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New research faculty Timperman exploring proteomics, nano/microfluidics

Allen Xu, BioE intern
8/31/2017 11:08:20 AM

From the analysis of proteins in seawater to the study of bacteria in microfluidic arrays, Aaron Timperman’s work spans a variety of fields. An expert in proteomic and micro/nanofluidics, Timperman comes to Illinois from the University of Notre Dame, where he was the director of research in Advanced Diagnostics and Therapeutics.

Aaron Timperman joined the Illinois Bioengineering faculty as a research associate professor in August 2017.
Aaron Timperman joined the Illinois Bioengineering faculty as a research associate professor in August 2017.

An Illinois alumnus (PhD analytical chemistry 1995), Timperman made a significant impact early in his career at West Virginia University, where he developed precise, detailed methods of analyzing of proteins dissolved in seawater that play a key role in carbon cycling. Additionally, he developed intergrated micorfluidic/nanofluidic systems to improve the detection of trace-level species.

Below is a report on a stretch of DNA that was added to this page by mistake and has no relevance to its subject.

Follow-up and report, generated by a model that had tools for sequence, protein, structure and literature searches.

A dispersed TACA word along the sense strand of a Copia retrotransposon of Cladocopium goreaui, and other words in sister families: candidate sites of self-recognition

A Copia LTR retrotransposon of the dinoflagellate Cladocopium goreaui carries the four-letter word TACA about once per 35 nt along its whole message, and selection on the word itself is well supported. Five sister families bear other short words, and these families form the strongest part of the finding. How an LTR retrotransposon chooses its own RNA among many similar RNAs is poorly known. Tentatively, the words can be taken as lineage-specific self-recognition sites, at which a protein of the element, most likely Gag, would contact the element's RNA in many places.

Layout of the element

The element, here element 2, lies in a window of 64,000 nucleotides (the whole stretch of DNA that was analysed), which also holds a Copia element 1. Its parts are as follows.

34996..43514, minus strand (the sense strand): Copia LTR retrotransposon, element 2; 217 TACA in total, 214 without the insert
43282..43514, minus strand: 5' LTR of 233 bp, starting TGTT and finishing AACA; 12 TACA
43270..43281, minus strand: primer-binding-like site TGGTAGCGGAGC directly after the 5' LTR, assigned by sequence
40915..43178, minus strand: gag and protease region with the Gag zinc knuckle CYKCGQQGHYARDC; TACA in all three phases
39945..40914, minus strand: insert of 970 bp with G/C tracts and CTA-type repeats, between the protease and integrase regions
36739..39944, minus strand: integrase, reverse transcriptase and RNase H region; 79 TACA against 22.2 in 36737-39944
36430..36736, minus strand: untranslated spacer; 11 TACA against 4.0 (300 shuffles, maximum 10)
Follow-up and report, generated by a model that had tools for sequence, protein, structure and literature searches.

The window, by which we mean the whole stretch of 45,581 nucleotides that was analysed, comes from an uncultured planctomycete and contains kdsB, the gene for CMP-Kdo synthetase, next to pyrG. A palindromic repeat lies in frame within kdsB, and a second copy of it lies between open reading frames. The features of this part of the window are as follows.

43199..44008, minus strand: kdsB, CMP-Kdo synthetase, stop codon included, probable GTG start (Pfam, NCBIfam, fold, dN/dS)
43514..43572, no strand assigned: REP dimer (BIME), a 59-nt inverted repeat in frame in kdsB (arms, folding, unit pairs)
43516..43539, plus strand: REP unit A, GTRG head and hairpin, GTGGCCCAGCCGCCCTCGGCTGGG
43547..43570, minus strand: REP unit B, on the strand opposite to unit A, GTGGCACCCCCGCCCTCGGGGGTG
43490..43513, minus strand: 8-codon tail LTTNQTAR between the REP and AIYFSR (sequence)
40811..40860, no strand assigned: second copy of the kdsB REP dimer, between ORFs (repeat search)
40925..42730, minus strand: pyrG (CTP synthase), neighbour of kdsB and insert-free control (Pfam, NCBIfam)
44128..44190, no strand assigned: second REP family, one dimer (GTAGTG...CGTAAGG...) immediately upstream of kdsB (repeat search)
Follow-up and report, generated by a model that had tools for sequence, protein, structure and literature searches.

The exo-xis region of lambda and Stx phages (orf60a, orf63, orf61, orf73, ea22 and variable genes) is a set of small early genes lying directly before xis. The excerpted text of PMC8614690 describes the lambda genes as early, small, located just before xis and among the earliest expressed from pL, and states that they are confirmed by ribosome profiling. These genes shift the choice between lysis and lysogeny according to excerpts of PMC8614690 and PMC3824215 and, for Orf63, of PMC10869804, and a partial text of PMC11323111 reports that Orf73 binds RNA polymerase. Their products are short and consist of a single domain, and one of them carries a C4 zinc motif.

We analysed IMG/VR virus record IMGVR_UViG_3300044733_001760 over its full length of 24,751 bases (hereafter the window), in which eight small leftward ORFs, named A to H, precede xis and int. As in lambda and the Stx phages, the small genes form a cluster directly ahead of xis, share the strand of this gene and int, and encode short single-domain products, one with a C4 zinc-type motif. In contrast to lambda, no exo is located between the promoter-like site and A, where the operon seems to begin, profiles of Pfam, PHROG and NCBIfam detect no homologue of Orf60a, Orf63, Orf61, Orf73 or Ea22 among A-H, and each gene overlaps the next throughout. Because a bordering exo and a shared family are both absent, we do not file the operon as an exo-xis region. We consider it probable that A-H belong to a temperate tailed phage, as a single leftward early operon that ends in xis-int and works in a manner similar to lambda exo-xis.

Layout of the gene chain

At Notre Dame, Timperman developed inexpensive, portable, and energy efficient microfluidic separation devices, that have the potential to be used for medical diagnostics and basic research. He also created arrays of microfluidic chambers to test the response of bacteria under a variety of conditions to different types of stress. These systems can be used to improve screening of potential antibiotics and to better understand the response of bacteria to different stressors.

As a research associate professor at Illinois, Timperman will continue his research in proteomics and microfluidic systems.

“One of the biggest issues we face is biocomplexity, and how we handle it,” he said. “While great improvements have been made in genomics, we’re still really lacking in analytical technology for other disciplines of systems biology, and proteomics in particular. Most of the molecules in a living organism cannot be easily identified at any given time. Our goal is to contribute to the development of new instrumentation that could be used in fundamental research as well as point of care diagnostics.”

According to Timperman, he returned to his alma mater because of its world-class faculty and excellence in research. “There are great faculty to collaborate with and high quality graduate students,” Timperman said. “The people here are the key to great research.”

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